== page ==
If you have an ACS member number, please enter it here so we can link this account to your membership. (optional)

ACS values your privacy. By submitting your information, you are gaining access to C&EN and subscribing to our weekly newsletter. We use the information you provide to make your reading experience better, and we will never sell your data to third party members.


Synthetic Biology

Synthetic cells protect DNA circuits

Encapsulation strategy could eventually help DNA-based computers to diagnose diseases or dispense drugs

by Mark Peplow
March 4, 2019

A video of a DNA-based feedback loop shows red spots fade up, followed by green spots, before the red spots slowly fade.
Credit: Alex Joesaar
When an input DNA strand activates a DNA gate (red), the gate releases an output strand that triggers a second gate (green). The output strand from the second gate then quenches the red fluorescence from the first, forming a negative feedback loop.

Molecular computer systems that rely on strands of DNA to process information can already solve math problems, play games like tic-tac-toe, and detect the biochemical signatures of disease.

Now researchers have used artificial cells to host DNA-based circuits, allowing them to operate in messy biological environments (Nature Nanotech. 2019, DOI: 10.1038/s41565-019-0399-9). It’s a step on the way to using DNA computers as rapid diagnostic devices, or even to control systems that deliver therapeutic drugs inside patients, says Tom de Greef of the Eindhoven University of Technology, part of the team behind the work.

An array of protocells roughly 50 micrometers wide appear as blue, green, and cyan spots.
Credit: Alex Joesaar
Protocells held in a microfluidic array contain three different types of DNA gate, forming a circuit that can amplify a DNA signal.

The team combined proteins and polymers to form artificial “protocells” roughly 10–60 μm wide, and loaded them with molecular complexes that can function as signal-processing components such as logic gates. The gate complexes contain two different DNA strands and a fluorescent tag. Whereas conventional electronics receive signals from incoming electrons and send on their own electronic signal, the protocells use DNA. An incoming DNA strand with the correct sequence can latch onto an exposed ‘toe hold’ on one of the gate’s DNA strands. This displaces the gate’s other DNA strand. The ejected strand then leaves the protocell and acts as the input signal for a second protocell containing a different gate. At the same time, the freed fluorescent tag activates, which allows the researchers to keep track of the action.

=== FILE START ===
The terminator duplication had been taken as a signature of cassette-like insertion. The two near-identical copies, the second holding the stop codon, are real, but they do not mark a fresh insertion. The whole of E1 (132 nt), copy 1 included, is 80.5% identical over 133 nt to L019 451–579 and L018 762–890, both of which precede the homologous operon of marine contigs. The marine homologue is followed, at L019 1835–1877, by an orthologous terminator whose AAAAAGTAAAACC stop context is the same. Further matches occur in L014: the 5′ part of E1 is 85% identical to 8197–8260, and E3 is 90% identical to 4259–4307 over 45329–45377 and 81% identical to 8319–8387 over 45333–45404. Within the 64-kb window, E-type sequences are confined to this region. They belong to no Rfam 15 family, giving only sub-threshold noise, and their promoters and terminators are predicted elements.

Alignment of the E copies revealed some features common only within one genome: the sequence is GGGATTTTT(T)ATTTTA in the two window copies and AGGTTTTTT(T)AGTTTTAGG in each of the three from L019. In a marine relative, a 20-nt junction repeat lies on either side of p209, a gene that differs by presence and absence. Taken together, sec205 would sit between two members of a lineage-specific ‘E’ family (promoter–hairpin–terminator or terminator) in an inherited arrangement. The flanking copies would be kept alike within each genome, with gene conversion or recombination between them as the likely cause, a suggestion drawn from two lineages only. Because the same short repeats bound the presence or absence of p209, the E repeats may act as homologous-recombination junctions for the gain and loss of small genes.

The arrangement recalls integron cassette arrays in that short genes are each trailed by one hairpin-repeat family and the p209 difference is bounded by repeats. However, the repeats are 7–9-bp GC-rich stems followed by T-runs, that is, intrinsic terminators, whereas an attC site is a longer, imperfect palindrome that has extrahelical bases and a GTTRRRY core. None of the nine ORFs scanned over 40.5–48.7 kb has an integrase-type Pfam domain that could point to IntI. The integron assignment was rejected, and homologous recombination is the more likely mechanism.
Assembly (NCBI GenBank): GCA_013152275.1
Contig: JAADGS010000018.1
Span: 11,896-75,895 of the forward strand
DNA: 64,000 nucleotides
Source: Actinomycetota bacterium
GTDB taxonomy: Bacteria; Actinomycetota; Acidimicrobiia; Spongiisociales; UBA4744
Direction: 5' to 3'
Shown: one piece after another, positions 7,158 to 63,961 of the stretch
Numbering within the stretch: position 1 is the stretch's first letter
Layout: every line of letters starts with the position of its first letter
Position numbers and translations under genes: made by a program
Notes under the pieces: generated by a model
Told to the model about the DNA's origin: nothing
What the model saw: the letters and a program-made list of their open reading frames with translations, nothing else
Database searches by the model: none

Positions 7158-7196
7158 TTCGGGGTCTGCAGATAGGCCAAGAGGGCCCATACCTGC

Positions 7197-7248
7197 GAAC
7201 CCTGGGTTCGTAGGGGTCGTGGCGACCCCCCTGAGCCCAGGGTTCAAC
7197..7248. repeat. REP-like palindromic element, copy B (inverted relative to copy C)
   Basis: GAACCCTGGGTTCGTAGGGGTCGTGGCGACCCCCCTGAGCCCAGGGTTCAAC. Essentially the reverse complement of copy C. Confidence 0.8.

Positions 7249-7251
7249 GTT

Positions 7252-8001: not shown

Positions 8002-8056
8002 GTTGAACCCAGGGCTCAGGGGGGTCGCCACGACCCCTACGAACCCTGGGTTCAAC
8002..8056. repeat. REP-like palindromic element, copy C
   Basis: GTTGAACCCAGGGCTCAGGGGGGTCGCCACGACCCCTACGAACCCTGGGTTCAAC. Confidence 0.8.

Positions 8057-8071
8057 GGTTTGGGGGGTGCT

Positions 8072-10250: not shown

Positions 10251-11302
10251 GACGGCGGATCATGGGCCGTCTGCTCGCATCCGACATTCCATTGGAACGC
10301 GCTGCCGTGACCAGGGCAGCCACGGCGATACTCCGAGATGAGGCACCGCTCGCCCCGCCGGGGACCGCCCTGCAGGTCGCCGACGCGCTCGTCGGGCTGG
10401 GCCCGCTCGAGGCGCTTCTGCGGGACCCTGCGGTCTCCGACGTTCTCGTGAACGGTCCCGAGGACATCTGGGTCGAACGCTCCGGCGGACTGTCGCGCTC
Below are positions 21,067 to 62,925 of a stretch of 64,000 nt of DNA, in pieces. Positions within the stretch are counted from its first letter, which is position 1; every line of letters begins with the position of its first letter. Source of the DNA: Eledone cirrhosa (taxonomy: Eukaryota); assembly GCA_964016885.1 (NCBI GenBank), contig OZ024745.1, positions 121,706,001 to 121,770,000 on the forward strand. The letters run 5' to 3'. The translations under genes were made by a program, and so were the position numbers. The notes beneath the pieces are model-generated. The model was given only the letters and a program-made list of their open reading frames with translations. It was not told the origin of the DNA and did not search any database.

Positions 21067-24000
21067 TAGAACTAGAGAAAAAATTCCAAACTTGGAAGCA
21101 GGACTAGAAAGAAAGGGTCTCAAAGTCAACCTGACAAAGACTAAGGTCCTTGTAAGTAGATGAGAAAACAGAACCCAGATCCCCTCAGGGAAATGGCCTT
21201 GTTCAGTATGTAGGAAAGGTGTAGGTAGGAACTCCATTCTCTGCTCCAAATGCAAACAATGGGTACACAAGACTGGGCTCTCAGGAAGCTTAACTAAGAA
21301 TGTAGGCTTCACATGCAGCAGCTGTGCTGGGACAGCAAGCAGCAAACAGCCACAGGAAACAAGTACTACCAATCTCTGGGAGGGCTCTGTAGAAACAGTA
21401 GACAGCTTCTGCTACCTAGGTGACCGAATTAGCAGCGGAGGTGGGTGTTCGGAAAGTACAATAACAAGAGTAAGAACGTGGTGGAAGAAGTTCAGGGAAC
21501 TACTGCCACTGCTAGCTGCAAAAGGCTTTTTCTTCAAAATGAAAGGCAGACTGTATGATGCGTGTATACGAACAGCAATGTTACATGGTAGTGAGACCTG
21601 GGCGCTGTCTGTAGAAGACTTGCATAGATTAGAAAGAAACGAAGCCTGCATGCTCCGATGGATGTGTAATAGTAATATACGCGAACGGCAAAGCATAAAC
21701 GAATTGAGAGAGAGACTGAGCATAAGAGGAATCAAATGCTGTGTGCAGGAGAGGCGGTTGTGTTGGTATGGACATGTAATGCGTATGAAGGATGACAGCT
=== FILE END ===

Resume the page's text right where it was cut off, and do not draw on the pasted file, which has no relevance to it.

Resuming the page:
De Greef’s team trapped the protocells against tiny pillars on a microfluidic plate. By carefully tailoring the cells, their DNA gates, and the DNA signals flying between them, the researchers set up a variety of different communication circuits. These included logic gates like AND and OR, which respond to two input strands in different ways; and a feedback circuit where the output strand from one group of protocells deactivates the fluorescence in a second group.

Some protocell circuits could also amplify signals as they passed them along. Signal amplification is an important quality in electronics, not least because it helps detection devices turn tiny input signals into a stronger output signal. To enable amplification, researchers gave activated, glowing protocells another DNA strand that freed input strands from the gates, freeing them to trigger more protocells and boost their collective fluorescence.

DNA strand displacement is already a well-established tactic in DNA computing, but previous systems have typically anchored their gate complexes on micrometer-sized beads, leaving them exposed to the ravages of enzymes in biological fluids. De Greef’s team found that their encapsulated gates made more robust circuits—a simple circuit could function in fetal bovine serum, a common biological medium—and also worked much faster, with signals transmitted in minutes rather than hours.


“People had mainly studied these circuits in one-pot reactions,” says Friedrich Simmel of the Technical University of Munich, who works on DNA computing. “But compartmentalization plays an important role in biology, and it could also help in artificial circuits. It’s an important step for the field.”

De Greef is developing his DNA circuits into a system that could diagnose diseases by detecting characteristic patterns of microRNAs, which help regulate gene expression. “We’re currently working with Microsoft to build a DNA computer that can do microRNA processing from human blood using this technology,” he says. “I think a DNA computer could eventually do this fully autonomously.”

Microsoft has also been involved in efforts to store vast quantities of data within DNA, using the molecule’s sequence of bases to encode text and videos. De Greef hopes to integrate that approach with his DNA computing technology so that it can store and process data.


This article has been sent to the following recipient:

Chemistry matters. Join us to get the news you need.